February 17 2015 10:08AM
The trade deadline fast approaches, and with it comes increased talk about a day that tends to disappoint. The Winnipeg Jets' main target for the deadline is clear. General manager Kevin Chevaldayoff has talked about wanting to add another top nine winger for well over a year.
The Jets are at an important step in their development as they look to compete in the playoffs for the first time as an organization in Winnipeg. How they approach this trade deadline is crucial.
What type of trades are realistically available for the Jets?
The Traditional Rental
The typical rental is a player approaching UFA status this summer, typically on a team unlikely to make the playoffs or in a rebuild situation.
The two best examples of this are Daniel Winnik and Sean Bergenheim.
Both Bergenheim and Winnik have been exceptionally underrated players in impacting results. Winnik's shot metrics have likely been harmed from his time in Toronto but both still are exceptional drivers in possession. Winnik predominately specializes in shot suppression, while Bergenheim is about equally proficient in both shot creation and suppression.
Which one of these players is a better fit likely depends on who they are slotted to play with. Winnik has produced assists at a higher rate, while Bergenheim has been far more effective in goal scoring. The Jets most likely candidates for linemates are Adam Lowry, Michael Frolik, and Drew Stafford. Lowry has yet to produce either goals or assists at a high rate, although he pushes the play well. Stafford though has been a more effective goal scorer, while Frolik has been the better in assist production.
The Toronto Maple Leafs have apparently been seeking a second round pick with either a third round pick or B prospect in return for Daniel Winnik; however, the asking price is likely much lower for Begenheim.
Rental with Term
Viktor Stalberg is one potential source of a slightly more long term piece. Stalberg has two years remaining on on his 3M cap hit, although he gets paid 3.5 in each season. At twenty-nine he would be one of the older Jets, but still within the Jets age range for core pieces.
Stalberg's shot metrics and scoring rates are comparable to Winnik and Bergenheim. The forward has fallen through waivers twice this season as the Predators have retooled for the playoffs. They would likely be willing to retain salary for a late pick, although may not want to trade within their division.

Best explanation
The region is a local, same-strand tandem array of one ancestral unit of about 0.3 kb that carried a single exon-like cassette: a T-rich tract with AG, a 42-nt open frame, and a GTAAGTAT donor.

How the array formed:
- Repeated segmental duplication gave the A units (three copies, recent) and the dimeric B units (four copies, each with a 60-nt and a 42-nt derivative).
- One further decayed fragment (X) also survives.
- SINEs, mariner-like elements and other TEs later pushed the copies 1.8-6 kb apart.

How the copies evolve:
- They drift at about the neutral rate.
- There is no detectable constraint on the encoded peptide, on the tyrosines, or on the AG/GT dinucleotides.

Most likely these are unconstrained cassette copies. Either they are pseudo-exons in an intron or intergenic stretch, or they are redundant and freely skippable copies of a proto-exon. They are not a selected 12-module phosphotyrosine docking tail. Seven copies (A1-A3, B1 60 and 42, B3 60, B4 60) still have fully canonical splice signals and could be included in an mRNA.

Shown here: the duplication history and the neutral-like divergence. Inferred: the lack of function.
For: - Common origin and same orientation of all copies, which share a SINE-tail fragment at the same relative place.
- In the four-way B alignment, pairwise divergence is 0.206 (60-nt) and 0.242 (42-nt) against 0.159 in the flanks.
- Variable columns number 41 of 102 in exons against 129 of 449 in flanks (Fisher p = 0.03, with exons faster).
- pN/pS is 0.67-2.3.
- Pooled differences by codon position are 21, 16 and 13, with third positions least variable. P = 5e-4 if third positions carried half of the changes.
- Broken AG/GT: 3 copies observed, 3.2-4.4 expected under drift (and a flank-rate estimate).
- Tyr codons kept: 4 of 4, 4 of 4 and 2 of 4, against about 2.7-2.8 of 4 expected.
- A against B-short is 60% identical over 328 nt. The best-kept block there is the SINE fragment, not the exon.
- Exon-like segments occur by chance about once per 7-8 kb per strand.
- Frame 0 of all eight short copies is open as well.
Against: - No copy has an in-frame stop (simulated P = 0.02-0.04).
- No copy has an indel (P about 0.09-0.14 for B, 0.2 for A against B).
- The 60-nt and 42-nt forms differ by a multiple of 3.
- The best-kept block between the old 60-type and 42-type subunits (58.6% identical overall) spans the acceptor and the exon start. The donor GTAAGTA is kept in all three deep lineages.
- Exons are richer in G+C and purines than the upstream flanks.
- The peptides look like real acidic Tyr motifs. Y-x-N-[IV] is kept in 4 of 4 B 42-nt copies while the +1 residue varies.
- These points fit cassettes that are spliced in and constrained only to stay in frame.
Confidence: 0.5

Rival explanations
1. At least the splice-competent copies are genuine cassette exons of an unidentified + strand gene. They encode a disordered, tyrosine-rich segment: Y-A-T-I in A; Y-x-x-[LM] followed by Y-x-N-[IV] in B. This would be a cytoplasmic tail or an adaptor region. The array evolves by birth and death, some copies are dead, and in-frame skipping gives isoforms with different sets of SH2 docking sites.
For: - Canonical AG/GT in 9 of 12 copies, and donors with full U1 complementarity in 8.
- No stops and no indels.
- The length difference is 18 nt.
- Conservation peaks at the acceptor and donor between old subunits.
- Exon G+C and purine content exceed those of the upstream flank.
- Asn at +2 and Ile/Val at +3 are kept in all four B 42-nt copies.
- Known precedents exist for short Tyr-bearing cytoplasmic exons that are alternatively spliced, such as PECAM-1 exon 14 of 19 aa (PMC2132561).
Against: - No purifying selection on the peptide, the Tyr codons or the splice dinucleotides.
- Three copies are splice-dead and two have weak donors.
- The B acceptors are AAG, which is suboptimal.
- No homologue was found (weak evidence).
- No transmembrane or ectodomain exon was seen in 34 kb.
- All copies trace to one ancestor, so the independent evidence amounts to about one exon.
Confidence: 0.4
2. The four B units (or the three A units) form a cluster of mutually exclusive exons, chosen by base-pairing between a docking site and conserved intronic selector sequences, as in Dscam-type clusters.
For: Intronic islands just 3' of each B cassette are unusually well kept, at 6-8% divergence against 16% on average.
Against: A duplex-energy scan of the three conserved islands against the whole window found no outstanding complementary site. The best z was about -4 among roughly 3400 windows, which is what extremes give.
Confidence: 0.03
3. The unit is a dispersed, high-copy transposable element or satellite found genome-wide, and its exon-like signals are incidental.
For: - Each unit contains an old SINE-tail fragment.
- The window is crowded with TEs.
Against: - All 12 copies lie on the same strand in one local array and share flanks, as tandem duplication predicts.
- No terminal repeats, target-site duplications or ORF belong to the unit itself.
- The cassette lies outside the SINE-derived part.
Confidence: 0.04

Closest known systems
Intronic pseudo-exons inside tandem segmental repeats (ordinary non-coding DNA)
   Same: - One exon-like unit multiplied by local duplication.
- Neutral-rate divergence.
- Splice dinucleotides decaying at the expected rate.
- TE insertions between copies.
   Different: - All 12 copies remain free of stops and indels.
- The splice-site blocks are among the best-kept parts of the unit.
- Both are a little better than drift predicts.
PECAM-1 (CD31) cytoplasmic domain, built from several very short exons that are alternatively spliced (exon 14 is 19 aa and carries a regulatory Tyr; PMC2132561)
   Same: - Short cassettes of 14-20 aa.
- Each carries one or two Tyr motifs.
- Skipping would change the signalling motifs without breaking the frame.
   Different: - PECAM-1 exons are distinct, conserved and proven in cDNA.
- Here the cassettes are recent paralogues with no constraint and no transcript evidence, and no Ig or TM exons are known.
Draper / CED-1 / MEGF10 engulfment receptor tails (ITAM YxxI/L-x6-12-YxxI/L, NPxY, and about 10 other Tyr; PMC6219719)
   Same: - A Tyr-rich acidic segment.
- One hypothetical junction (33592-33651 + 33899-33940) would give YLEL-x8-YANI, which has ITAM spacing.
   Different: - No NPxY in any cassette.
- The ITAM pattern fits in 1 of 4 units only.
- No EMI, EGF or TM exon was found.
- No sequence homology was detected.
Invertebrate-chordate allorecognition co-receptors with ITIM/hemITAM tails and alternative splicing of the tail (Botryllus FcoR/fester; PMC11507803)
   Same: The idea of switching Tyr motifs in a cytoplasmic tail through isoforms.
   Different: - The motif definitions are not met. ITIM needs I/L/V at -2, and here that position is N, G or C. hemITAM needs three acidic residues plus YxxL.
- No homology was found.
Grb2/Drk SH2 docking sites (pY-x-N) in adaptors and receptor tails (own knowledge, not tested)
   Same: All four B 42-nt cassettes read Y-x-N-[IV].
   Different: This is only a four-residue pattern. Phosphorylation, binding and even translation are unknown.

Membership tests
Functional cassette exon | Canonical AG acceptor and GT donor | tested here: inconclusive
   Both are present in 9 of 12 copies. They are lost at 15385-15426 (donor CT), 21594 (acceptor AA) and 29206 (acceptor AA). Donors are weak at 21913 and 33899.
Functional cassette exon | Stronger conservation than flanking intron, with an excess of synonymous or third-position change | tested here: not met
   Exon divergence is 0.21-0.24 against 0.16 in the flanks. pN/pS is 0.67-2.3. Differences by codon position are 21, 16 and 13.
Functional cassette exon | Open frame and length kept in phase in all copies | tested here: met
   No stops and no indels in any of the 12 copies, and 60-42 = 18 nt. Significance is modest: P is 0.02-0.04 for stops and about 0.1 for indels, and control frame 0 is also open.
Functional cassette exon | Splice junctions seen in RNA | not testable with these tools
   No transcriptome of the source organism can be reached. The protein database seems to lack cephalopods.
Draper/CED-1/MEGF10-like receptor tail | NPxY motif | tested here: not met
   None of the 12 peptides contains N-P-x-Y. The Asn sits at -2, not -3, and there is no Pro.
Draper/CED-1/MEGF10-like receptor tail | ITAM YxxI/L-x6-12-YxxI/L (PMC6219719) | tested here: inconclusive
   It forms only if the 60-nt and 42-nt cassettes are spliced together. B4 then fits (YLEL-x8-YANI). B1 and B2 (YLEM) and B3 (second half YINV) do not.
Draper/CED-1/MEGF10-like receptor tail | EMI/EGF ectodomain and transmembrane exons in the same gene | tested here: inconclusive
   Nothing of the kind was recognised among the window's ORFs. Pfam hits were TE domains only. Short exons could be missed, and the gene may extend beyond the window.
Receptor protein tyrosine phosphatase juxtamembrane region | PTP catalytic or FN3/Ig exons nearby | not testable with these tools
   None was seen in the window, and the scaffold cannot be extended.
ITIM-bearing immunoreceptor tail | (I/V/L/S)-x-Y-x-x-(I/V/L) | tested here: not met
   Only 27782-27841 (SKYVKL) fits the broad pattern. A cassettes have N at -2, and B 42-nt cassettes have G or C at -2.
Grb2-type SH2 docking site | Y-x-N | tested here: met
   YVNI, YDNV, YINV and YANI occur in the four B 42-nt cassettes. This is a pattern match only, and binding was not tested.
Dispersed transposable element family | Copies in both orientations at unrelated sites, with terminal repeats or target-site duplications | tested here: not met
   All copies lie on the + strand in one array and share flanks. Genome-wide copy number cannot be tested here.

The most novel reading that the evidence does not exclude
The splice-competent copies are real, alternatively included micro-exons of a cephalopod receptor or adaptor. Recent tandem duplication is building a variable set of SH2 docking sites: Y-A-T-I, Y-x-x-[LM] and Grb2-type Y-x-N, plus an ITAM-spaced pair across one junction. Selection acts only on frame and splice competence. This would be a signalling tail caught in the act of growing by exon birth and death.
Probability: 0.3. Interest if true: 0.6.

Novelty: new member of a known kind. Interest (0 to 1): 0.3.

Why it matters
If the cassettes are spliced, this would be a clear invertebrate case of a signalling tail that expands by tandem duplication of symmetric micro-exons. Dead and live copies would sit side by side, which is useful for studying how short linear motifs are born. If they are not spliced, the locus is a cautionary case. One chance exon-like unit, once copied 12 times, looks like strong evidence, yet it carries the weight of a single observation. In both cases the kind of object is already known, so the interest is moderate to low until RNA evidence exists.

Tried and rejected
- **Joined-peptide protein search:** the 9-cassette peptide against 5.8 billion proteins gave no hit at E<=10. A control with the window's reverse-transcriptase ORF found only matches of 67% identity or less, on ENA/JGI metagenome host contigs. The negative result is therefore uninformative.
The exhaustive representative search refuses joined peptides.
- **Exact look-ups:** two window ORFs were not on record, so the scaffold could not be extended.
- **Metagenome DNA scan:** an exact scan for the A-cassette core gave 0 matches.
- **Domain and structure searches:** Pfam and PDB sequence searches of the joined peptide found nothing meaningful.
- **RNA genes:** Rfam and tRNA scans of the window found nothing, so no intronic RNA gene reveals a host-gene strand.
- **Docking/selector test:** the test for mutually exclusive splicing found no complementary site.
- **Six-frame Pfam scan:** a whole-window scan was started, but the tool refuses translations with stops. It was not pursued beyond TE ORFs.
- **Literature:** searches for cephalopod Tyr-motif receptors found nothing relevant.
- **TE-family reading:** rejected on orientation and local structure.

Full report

Stalberg represents a market inefficiency not uncommon in the NHL. He performed exceptionally well on the Chicago Blackhawks, earning him a decently sized contract. With large contracts comes large expectations, expectations that Stalberg has not met. This ignores the fact that Stalberg has still been a bonafide NHL player. He hasn't exceptionally pushed the play while on the Predators like in Chicago, but the team has still possessed the puck more with him on the ice than on the bench. His 1.4 even strength points per sixty paces Stalberg only behind Frolik for the Jets bottom six pieces.
Speeding up the Development
No team actually intends on improving the now at the expense of mortgaging the future. However, some teams are at different points in building around their core pieces.
Fans are naturally apprehensive with spending picks for non-impact roster pieces; however, it can be a savvy move if used carefully. A second round draft pick doesn't reach NHL regular status nearly 60% of the time. While picks have high potential, their average return is lower than many of the NHL players traded for them. Their value comes in the timing of the return.
The Jets are in the middle stages of building. The age of their core suggests the Jets are looking more towards the long haul as opposed to contending for a cup this season. Chevy is looking to add talent for the next 1-3 years.
Gary Lawless recently mentioned on twitter that the Blue Jackets are interested in moving Matt Calvert.
Calvert doesn't carry sexy numbers like Winnik, Bergenheim, or even Stalberg. He actually has been pretty useful in shot repression, which makes him an ideal bottom six piece. His scoring hasn't been top-six worth, but still above average for a third line player.
He does however have one unique attribute the other three do not: youth. At only twenty-four, Calvert is young enough to fit with core pieces like Mark Scheifele, Adam Lowry, and Jacob Trouba, with the added bonus of RFA status. RFA years turn a one year rental into a player that can be a more longterm piece without the cap cost of a player like Stalberg.
There are three directions the Jets can go if they want to add to their NHL roster. They can look at the traditional rental route of adding a pending UFA like Daniel Winnik or Sean Bergenheim for the season. If they want someone for more than just a season, they could try attacking a market inefficiency in players not meeting expectations like Viktor Stalberg.
The best option though at the Jets' stage in development is looking for a young, cheap, and cost-controlled player like Matt Calvert. Calvert is good enough to play on the third line, while cheap enough to move to the fourth line as the Jets add talent from the farm.